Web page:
I have just finished reading The Lemon Tree, by Sandy Tolan, published by Quebecor World Fairfield in 2006. This is an account of the twentieth century history of Palestine and the creation of Israel. Because the author has chosen to write the story around a Jewish woman, Dalia, and an Arab man, Bashir, it resonates in a way that a factual history would not.
As events unfold, we see them through the eyes of Dalia and Bashir. Tolan puts the attitudes of both sides to those events into the mouths of characters, which makes the history much more meaningful. I always used to feel that something was being left out of the extremely extensive, factual and non-judgemental history I was taught at school. Now I know that it was this looking at it from all sides, and trying to understand how the people involved on both sides would be feeling about it all. It was this trying to understand the times when the events were taking place, and how different the times and people were from me.
Reading this book, we also see, and feel, the effects of the history of Palestine on the lives of individuals. Having followed the news media accounts of the happenings, and having read about the history, I didn't really learn anything new about the facts, but I do think that Tolan has written as objective an account as he could, and has clearly portrayed both sides to the story. It is good to look at anything from both sides, and there are two sides to this story. I am glad I don't have to try to bring any lasting solution to Palestine.
What did strike me was the tenacity of some Palestinians in holding on to the dream of "the right of return". This has been superceded by so many other events, one would think it would be obvious that it is only a dream. I would next ask who is benefitting from encouraging so many young, Arab men to waste their lives in terrorism, rather than in using these lives to build up the country they do have. To my mind, it is criminal to indoctrinate young children with the poison of hatred for another group: any group. It is criminal to train children to fight wars, rather than giving them spiritual weapons to fight the war of controlling the negative side of human nature. It is criminal to train them to destroy instead of create. What kind of people do this, and how does it benefit them?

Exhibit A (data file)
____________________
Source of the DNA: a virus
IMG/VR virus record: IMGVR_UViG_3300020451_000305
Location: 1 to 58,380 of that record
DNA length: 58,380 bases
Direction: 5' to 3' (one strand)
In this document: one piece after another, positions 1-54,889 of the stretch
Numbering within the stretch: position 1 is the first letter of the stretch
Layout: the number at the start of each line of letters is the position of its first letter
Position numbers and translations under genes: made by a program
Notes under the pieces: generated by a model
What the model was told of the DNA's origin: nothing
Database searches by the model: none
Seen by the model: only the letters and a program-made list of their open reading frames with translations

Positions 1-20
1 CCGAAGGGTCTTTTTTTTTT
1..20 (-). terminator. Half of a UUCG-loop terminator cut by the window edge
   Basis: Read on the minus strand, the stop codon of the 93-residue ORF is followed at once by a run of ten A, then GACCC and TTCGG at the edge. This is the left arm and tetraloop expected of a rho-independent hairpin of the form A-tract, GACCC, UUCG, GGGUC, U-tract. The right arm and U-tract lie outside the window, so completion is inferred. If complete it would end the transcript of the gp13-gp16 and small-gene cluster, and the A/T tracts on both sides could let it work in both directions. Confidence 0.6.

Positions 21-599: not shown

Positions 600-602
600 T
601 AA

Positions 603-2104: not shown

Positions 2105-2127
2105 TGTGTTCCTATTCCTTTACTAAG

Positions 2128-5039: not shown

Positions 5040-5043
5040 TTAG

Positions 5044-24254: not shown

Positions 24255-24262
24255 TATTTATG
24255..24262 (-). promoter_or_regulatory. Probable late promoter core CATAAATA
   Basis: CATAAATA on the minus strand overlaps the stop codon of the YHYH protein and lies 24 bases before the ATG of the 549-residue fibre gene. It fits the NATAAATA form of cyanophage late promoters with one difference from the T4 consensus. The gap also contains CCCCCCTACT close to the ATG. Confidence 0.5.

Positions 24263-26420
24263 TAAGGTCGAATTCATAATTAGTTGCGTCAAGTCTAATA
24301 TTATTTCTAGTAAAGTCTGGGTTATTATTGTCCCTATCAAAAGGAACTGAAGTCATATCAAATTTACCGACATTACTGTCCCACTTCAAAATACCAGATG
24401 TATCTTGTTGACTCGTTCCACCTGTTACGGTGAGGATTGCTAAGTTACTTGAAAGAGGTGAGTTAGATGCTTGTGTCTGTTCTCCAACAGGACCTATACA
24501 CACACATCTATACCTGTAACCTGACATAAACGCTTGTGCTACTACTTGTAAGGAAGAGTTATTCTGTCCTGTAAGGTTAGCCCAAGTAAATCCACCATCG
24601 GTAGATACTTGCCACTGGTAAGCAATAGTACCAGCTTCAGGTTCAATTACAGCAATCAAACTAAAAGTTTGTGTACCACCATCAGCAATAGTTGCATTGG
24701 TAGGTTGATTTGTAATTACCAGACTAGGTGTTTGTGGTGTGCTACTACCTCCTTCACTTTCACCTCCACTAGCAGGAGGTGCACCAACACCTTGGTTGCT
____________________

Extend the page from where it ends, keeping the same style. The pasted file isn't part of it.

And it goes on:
Many people have been displaced from their birth places and their homes; like I, and my children were displaced from Africa, my adopted home, and where they were born, by events over which we had no control. We go on to make a new life for ourselves, realising that the world we left behind has disappeared anyway. Our memories are of a world that is no longer there, just as the Palestine before the creation of Israel is now only a dream. This is maturity; an acceptence of reality; a moving on into the future. There is no use in wishing it were not so, or hating those who caused the changes. This only hurts ourselves. In the case of Palestine, it hurts the young people to teach them to hold on to a distorted vision of a past that they didn't even know, and to hate the world that always changes with the times. Until these attitudes are replaced by healthier ones, there is very little hope for the future of the Middle East.